The Outboard Marine Corporation Public Health Assessment was prepared by the IllinoisDepartment of Public Health under a cooperative agreement with the Agency for ToxicSubstances and Disease Registry (ATSDR). It is in accordance with approved methodology andprocedures existing at the time the public health assessment was begun.

William Greim
Technical Project Officer
Division of Health Assessment and Consultation (DHAC)

The Division of Health Assessment and Consultation, ATSDR, has reviewed this public healthassessment, and concurs with its findings.

Robert C. Williams, P.E., DEE
Director, DHAC, ATSDR


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ATSDR. 1991. Toxicological profile for selected PCBs Aroclor-1260, -1254, -1248, -1242,-1232, -1221, and -1016). Draft.

ATSDR. 1990. Toxicological profile for polycyclic aromatic hydrocarbons. Draft.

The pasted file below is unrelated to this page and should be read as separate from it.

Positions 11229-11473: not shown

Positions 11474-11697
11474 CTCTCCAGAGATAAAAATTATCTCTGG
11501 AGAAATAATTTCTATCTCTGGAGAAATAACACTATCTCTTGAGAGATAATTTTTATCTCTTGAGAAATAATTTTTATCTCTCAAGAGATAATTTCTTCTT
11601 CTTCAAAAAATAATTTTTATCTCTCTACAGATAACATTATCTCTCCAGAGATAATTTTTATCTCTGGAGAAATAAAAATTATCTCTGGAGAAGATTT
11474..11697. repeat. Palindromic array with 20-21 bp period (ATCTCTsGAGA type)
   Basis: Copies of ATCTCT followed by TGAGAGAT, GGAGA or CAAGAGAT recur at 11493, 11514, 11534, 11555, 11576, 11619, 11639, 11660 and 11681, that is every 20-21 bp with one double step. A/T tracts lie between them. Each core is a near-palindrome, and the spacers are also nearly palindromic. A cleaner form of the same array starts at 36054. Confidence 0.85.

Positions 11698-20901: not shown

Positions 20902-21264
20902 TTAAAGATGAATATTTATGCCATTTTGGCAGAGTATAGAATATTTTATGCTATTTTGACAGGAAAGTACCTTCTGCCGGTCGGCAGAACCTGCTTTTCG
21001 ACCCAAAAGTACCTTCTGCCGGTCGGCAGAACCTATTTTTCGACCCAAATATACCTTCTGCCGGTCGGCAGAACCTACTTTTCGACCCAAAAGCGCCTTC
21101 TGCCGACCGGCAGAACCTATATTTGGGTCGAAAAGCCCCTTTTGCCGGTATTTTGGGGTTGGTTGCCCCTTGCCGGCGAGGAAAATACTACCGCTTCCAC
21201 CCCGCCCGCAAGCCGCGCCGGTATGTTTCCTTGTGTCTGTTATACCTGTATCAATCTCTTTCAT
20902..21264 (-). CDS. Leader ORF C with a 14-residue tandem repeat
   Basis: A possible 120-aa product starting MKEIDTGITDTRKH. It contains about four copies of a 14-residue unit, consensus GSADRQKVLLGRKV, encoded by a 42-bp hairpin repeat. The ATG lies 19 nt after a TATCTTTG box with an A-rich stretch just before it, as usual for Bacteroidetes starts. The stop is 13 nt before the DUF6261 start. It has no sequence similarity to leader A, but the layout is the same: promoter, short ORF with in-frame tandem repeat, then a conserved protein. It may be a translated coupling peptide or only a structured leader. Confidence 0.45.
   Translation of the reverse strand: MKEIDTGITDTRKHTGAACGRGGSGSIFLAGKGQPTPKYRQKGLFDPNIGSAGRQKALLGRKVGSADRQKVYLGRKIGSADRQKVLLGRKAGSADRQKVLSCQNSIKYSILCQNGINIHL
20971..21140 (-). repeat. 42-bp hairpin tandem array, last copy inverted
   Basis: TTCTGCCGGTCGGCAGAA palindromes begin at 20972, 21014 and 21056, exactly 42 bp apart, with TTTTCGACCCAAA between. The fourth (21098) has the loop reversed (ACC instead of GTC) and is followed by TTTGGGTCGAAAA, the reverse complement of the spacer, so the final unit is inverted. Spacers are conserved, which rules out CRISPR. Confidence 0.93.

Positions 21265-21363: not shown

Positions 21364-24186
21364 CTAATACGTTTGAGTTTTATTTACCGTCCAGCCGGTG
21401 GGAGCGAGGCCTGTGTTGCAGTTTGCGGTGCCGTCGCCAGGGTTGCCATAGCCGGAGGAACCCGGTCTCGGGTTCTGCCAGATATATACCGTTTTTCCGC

ATSDR. 1989a. Preliminary health assessment for Outboard Marine Corporation, Waukegan, Illinois, CERCLIS No. 05ILD000802827.

ATSDR. 1989b. Toxicological profile for polycyclic aromatic hydrocarbons. Draft.

ATSDR. 1989c. Toxicological profile for phenol.

ATSDR. 1987a. Toxicological profile for cadmium. Draft.

ATSDR. 1987b. Toxicological profile for benz(a)anthracene. Draft.

ATSDR. 1987c. Toxicological profile for benzo(a)pyrene. Draft.

ATSDR. 1987d. Toxicological profile for chrysene. Draft.

ATSDR. 1987e. Toxicological profile for selected PCBs (Aroclor-1260, -1254, -1248, -1242, -1232, -1221, and -1016). Draft.

ATSDR. 1987f. Toxicological profile for bis(2-ethylhexyl)phthalate. Draft.